Acupuncture was formed on the basis of understanding the flow of energies or Qi (life force). These flows of energy travel along a path called a “meridian.” Each meridian is interrelated to help support the entire flow of energy. When the flow becomes obstructed, pain (stagnation) or disease processes occur. Acupuncture suggests that by needling certain spots on the body along theses meridians, we can regulate the flow of Qi. Qi influences the organs and bodily systems: muscles, skeletal, endocrine, circulatory, respiratory, nervous, and urinary. When Qi flows smoothly, each of the body’s systems function in harmony.
Research studies have shown that needling in specific areas causes a chemical cascade effect of releasing biochemical mediators such as beta-endorphins, endogenous opiods, increasing expression of cannabinoid receptors and decreasing levels of cytokines. These cascades of effects modulate the perception of pain and improve chemical interactions between cells that stimulate healing.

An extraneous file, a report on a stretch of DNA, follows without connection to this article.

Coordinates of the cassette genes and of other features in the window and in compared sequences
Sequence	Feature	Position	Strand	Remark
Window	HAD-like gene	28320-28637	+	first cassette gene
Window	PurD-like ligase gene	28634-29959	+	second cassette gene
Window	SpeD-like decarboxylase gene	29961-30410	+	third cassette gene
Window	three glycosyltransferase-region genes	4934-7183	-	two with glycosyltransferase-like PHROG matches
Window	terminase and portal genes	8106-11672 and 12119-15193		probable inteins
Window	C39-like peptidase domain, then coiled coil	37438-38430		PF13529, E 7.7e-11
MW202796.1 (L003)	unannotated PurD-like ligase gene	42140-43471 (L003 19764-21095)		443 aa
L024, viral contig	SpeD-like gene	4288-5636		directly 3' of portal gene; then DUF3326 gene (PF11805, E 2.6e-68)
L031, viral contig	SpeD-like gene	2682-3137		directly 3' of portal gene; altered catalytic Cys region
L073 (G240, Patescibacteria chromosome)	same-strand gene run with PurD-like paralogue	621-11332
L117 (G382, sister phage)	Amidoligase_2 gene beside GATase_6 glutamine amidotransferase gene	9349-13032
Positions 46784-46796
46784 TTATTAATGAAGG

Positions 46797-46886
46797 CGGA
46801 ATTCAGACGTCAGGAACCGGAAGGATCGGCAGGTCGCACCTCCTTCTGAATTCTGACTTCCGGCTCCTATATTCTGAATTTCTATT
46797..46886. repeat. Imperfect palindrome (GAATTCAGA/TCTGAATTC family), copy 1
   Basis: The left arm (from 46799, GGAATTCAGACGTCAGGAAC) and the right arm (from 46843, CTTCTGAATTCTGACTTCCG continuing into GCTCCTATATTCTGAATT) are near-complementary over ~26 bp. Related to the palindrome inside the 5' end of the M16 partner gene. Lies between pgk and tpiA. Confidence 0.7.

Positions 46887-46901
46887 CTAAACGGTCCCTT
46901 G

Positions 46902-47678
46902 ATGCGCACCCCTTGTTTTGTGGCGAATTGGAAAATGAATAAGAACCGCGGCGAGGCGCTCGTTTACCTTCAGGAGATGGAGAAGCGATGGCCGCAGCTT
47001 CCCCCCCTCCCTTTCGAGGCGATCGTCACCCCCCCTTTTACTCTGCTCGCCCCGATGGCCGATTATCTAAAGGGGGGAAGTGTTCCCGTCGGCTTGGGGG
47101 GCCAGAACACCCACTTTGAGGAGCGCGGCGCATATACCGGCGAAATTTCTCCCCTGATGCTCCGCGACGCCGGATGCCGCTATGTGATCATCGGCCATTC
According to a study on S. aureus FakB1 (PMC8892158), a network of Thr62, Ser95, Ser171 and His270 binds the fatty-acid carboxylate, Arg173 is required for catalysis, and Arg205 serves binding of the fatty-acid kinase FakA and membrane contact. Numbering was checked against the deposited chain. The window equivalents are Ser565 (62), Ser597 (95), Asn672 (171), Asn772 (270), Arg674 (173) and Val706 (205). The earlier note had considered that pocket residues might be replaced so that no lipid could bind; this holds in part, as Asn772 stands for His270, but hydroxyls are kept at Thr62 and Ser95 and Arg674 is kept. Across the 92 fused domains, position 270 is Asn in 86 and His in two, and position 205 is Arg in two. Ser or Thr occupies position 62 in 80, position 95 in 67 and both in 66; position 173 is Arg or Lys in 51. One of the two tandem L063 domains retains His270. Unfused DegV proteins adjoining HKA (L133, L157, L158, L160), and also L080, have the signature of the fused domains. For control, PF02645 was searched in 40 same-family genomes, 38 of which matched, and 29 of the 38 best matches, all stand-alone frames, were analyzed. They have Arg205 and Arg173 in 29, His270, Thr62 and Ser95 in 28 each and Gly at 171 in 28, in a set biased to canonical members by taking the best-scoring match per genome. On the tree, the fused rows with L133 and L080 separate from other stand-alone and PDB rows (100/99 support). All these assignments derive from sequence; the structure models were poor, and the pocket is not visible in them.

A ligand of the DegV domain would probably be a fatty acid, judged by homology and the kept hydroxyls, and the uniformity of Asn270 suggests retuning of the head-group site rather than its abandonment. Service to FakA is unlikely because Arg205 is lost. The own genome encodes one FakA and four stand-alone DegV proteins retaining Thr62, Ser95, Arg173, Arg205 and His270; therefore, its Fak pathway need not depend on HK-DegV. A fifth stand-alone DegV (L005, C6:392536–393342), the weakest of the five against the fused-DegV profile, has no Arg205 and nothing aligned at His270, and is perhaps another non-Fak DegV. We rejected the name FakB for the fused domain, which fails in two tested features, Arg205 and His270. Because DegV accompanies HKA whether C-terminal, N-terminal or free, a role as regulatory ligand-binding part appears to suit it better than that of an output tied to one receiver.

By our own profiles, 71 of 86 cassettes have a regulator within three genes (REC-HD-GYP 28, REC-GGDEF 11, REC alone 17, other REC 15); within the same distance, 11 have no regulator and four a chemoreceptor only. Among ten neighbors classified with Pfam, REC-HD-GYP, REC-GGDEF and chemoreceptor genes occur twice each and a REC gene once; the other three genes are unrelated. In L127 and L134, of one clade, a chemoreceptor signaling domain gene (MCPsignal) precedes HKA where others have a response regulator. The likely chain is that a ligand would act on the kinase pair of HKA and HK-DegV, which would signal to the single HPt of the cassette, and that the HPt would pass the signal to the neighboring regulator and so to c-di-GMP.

Acupuncture is well tolerated by most animals and can typically lead to relaxation. Acupuncture needles are very thin sterile needles that are typically pain free when inserted. There may be multiple sites that are tolerated, but some points may be more sensitive than others. Treatment time varies based on the illness and tolerance level of the pet. Acupuncture therapies are cumulative therapies that typically require multiple treatments, from 6 to 12 based on pet responsiveness.
Acupuncture helps in the following ways:
It has a limited amount of adverse side effects, does not interact with medications and is safe to use to treat a variety of illnesses.
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